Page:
We’re taking the train to London for a day to see the art at the Tate Modern and the National Gallery. The rest of the time, I’ll be blissfully enjoying English village life in Framlingham where we plan to sit out front of The Dancing Goat cafe each morning, have breakfast, and watch the world go by.

I’m still deciding whether to take my laptop along so I can blog from the UK. I’ve been known to get “the DTs” (Digital Tremors) when deprived access to the internet for too long. I’m SO not PC –  as in I don’t do PCs, so I might have to pack my Mac. Okay, I’m taking it. You should know that we redheads are prone to impulsive behavior, but we DO know how to have a good time.

Can’t help but add Mad World from one of my all-time favorite movies, Donnie Darko.

Masters of the Universe March 4, 2009

Posted by alwaysjan in Life, Teaching.
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When I told my husband I was thinking of going back to school to get my Master’s degree, he said, “You know I’ll support you.”  That’s when I said, “Actually, it’s because I’m worried that you won’t be able to support me (us) that I’m thinking of doing this in the first place.” Ouch!  But it’s true.  It all comes down to numb3rs.  If I get a Master’s degree, my salary will bump over two columns.  No small potatoes given the state of the economy.

As a teacher, I’m already performing brain surgery on a daily basis, so it’s about time that I start making the big bucks.  But here’s the catch.  The one-year program I’m appying for is in Education Administration (as in I’ll have my Preliminary Administrative credential when I finish).  Me as an administrator?  That’s like letting the inmates run the asylum.  But what’s a 50 Something to do?  

The price is right.  I can pay for the cost of the program in a year.  After that it’s all gravy. Not a big serving, but gravy none the less.  I’ve applied with three of my friends from school and if the planets align and 20 people sign up for the program, I’ll be going to class two nights a week just across the street from my school.  If the planets align.  Otherwise, it’s the dreaded schlep up the HILL to the local college two nights a week.  

I actually went on-line and checked out other programs.  I figured if I’m going to get an M.A., why not get one in something I’m really interested in – like forensics, or storytelling, or anything that doesn’t end with -tion?  Too expensive.  Several teachers said they were interested in getting their Administrative Credential so they could understand how administrators think. I suggested, if that was the case, they should enroll in Abnormal Psychology. (I don’t know why people don’t take me seriously.)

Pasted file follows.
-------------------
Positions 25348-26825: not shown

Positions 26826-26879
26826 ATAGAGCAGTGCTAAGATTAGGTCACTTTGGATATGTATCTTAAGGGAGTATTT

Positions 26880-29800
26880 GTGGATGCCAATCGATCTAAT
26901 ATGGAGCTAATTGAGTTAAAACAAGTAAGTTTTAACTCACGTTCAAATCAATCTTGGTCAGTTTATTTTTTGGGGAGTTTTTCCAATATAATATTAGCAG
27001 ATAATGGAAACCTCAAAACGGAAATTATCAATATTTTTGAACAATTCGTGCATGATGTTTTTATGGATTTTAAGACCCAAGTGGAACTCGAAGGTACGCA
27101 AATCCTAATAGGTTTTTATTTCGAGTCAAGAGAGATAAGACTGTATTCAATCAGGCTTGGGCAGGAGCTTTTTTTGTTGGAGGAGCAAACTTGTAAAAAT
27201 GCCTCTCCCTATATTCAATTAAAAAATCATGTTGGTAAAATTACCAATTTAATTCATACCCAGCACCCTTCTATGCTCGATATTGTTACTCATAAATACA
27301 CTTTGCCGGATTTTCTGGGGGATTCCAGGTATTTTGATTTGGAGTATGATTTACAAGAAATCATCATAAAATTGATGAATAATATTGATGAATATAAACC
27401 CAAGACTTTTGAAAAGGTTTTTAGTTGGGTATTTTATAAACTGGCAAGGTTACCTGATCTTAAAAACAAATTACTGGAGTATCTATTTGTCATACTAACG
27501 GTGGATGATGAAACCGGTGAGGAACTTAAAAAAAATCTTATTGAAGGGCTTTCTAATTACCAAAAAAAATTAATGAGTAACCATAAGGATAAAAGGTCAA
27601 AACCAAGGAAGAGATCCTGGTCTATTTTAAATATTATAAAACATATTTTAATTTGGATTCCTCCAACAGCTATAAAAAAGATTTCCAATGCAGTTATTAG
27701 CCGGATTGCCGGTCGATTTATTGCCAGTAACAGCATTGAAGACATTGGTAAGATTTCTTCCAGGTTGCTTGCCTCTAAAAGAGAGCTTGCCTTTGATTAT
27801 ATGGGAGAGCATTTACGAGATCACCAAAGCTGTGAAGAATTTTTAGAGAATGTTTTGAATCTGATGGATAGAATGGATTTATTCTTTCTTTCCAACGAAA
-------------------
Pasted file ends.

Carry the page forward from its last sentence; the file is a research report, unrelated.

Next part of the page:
The application is due this week.  I had to write a 500-word essay about why I want to be an administrator. I already have a B.A., but fell back on my B.S. to pull this one off.  It’s the first time I’ve accessed the “Word Count” feature under “Tools” that tells you how many words you’ve written – and how many you have to go.  It’s like pulling teeth very slowly, o-n-e  t-o-o-t-h  a-t  a  t-i-m-e.

But here’s the good news. Two people wrote personal letters of recommendation for me and my friend and colleague wrote the most awesome letter. Not only am I a stellar human being, but my students LOVE me. She wrote that, so it’s gotta be true.  >blush< 

So I soldier on, hoping to add a few letters of the alphabet after my name. Who knew that lifelong learning was such a _________ (rhymes with rich).

My Son – Who Happens to be Gay November 22, 2008

Posted by alwaysjan in Life, Parenting, Politics.
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I have two sons. My younger son, Ian, happens to be gay. I didn’t set out to have a gay son. But then Ian didn’t set out to be gay, and to be honest, it came as a shock to him as well. He was confused about why he felt “different.” And he struggled alone. Even now, I can’t imagine what that was like for him when he was only nine and had a crush on a boy in the fourth grade.

When Ian was 14 and a half, we were sitting in the doctor’s office, and he announced he was gay. We laugh now remembering what happened next. I blurted out, “Oh my god, I hope my parents die soon!” This was because my parents had left their church in the Midwest over the issue of gay unions. My head was spinning. Driving home, I was in a fog. I’ve always had gay friends, but my son? My eyes brimmed with tears. Why me?  What I remember most is what my son said next. “Mom, I’m the same person I was before – it’s just that now you know.”

“Please don’t tell Dad,” Ian asked. My response? “That’s like asking me not to tell your father the house is on fire!” So he told his dad who was surprised, but ultimately okay with it. Then he told his older brother who shrugged. “Just don’t expect me to go riding around in one of those gay pride parades.”

Ian felt such a sense of relief to be able to be honest about who he was. This was the same kid who had written “I’m gay” in Sharpie on the back of another boy’s jacket in middle school. Talk about confused self-loathing. It wasn’t easy for him though.

Ian, who’s outgoing and always had lots of friends, thought once he came out, other students at his high school would come out as well. He waited…and waited. There was one other boy who was extremely flamboyant, who Ian wanted nothing to do with. Ian had played Little League baseball and considered himself a jock. His attitude was, “If I want to hang out with a girl, I’ll hang out with a real girl.”

Looking back, I can’t believe how brave my son was. Yes, he took a boy as a date to the prom. He was confident no one would give them a problem as Ian is infinitely likable and has a wicked sense of humor. No one did, but I held my breath. As a parent, I was frightened that someone would lash out at my son, verbally or physically. But being young, Ian was convinced he could change the world – or at least people’s opinions – one at a time.  And to his credit, he did and continues to do so.